June 2018 Forecast
By Michael Lynderey
June 1, 2018

When Dr. Ian Malcolm shows up, the world is usually in trouble.

The two biggest films of June 2018 seem to have been chiseled into stone with certainty (yes, dinosaurs and superheroes...), and so their triumph is not under debate, only which contender will tussle down the other. More of the fun is in what follows - will the new Ocean's film take its expected slot at number three, or will an upstart horror story best it on its own weekend? Elsewhere, comedies, drug wars, and the cold, merciless ocean blue all aim to persuade away the blockbuster dissenters among us.

1. Jurassic World: Fallen Kingdom (June 22nd)
Although its box office performance seems positively quaint all these years later, 2015's Jurassic World opened with 208 million dollars and finished with 652. The fourth film in its franchise, it was released on nearly the same weekend (June 12) as its successor, and is the film that must in retrospect be seen as the harbinger of the apocalypse, total doom! the recent trend of mega-box office grosses - films that seemed, in swift succession, to gallop easily to once absurd-seeming total grosses, like $900m (The Force Awakens), $700m (Black Panther, any day now), the ever-present $600m (The Last Jedi, Avengers 3), and even a handful of $500m-aires, a rare box office peak, once reserved to The Dark Knight only, but recently filled also by Beauty and the Beast, Rogue One, and, I assume, by whatever was the latest Paul Thomas Anderson movie. The geopolitically-minded among us may also recall June 12, 2015, as having been four days before you-know-who- commenced their presidential run, so it is a date that should be given some historical evaluation.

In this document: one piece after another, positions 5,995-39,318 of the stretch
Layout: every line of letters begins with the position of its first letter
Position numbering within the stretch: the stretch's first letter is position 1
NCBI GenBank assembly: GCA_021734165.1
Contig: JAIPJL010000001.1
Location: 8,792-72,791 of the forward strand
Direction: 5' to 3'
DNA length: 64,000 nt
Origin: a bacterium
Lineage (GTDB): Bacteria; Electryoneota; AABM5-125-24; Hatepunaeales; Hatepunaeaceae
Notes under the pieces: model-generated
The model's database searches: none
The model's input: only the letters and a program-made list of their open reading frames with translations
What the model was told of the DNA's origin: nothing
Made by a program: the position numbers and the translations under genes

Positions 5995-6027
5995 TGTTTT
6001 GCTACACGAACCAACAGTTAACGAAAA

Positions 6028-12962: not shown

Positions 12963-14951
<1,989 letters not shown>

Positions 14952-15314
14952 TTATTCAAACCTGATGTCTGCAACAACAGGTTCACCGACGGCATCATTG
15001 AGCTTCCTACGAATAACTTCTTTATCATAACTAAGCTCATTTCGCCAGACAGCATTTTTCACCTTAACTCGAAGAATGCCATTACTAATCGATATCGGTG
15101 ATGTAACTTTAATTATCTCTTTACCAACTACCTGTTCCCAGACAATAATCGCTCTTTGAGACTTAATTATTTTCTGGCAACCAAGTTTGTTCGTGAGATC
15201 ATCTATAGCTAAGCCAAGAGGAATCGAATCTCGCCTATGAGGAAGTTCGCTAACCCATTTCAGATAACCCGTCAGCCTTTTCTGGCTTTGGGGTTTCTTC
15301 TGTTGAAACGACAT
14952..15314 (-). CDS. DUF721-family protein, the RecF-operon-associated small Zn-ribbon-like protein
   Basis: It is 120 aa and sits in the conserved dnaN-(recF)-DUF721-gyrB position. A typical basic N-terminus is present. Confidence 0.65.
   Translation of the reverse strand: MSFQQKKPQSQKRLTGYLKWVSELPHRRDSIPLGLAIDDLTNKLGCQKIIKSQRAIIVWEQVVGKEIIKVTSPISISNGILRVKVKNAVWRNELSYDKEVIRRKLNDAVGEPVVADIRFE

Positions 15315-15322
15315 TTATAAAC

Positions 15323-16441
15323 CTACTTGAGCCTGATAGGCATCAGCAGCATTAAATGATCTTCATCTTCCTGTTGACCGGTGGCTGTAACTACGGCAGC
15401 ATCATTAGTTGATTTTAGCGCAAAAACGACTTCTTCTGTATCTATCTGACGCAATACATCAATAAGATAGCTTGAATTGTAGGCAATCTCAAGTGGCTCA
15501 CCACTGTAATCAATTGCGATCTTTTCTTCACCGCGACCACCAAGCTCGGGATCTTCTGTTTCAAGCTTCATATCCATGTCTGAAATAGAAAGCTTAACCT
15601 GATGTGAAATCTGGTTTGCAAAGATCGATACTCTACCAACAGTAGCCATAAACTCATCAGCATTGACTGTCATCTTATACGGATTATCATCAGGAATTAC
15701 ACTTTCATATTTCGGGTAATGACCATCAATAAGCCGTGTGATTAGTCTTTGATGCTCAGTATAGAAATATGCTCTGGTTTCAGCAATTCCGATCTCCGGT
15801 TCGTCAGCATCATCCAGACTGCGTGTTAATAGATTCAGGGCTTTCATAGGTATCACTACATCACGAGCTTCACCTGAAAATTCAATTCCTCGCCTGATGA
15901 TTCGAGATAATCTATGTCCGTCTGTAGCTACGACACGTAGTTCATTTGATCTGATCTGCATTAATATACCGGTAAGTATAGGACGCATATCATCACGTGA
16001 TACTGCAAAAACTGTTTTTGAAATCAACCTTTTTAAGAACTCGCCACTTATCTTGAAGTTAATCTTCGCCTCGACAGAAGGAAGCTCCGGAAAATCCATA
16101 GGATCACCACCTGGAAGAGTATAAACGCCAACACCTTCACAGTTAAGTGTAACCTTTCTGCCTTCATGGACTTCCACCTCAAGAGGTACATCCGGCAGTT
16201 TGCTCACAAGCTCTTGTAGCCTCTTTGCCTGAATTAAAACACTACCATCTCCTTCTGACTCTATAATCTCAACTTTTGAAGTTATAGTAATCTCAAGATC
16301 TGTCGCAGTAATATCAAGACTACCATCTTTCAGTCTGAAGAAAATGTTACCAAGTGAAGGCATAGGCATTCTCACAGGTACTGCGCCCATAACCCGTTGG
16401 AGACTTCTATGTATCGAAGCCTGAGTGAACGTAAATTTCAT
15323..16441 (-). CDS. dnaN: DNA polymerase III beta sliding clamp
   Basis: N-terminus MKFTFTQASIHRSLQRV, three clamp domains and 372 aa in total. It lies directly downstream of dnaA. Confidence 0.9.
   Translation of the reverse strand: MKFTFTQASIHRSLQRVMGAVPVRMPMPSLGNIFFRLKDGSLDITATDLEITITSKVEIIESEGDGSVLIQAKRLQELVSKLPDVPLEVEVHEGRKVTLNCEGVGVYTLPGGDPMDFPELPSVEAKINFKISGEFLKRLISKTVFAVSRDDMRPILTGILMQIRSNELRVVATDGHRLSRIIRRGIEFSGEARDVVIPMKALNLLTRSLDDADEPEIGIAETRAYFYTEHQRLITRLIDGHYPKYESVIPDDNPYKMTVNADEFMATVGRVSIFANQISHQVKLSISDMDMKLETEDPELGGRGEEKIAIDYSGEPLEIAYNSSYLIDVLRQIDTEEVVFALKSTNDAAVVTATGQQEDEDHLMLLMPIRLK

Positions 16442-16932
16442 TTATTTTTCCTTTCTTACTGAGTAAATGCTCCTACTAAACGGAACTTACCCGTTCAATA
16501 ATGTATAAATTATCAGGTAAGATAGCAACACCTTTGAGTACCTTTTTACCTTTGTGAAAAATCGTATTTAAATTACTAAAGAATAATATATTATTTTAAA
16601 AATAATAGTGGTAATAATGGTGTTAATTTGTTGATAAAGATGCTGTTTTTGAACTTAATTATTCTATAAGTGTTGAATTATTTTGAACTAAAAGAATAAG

Jurassic World played on nostalgia by millennials and the like-minded who sat in wonder through the original films, which gave the world big, life-like nearreal dinosaurs on screen for the first time (though Mecha-Godzilla came close). The first two were among the definitive blockbusters of the 1990s (finishing with $357m and then $229m - yes, this was impressive when the world was young), and the third was a reasonable entertainment in the B-movie summer of 2001, finishing among the season's bigger earners, with $181m and a little change. And so Jurassic World drew on the combination of fond or quasi-fond memories of cinema past, and on the promise of finally seeing the Jurassic Park operate as, well, a park, open for business and remarkably cost-unprohibitive. Oh, and it starred Chris Pratt, a man who turned out to be so commercially viable that, as a magnet, he sucks up dollar bills off the pavement merely by walking down the street, and draws maximum security vaults creaking closer just by standing next to a bank (2019 should mark his sixth consecutive year of $100m earners. He says, You're welcome, America).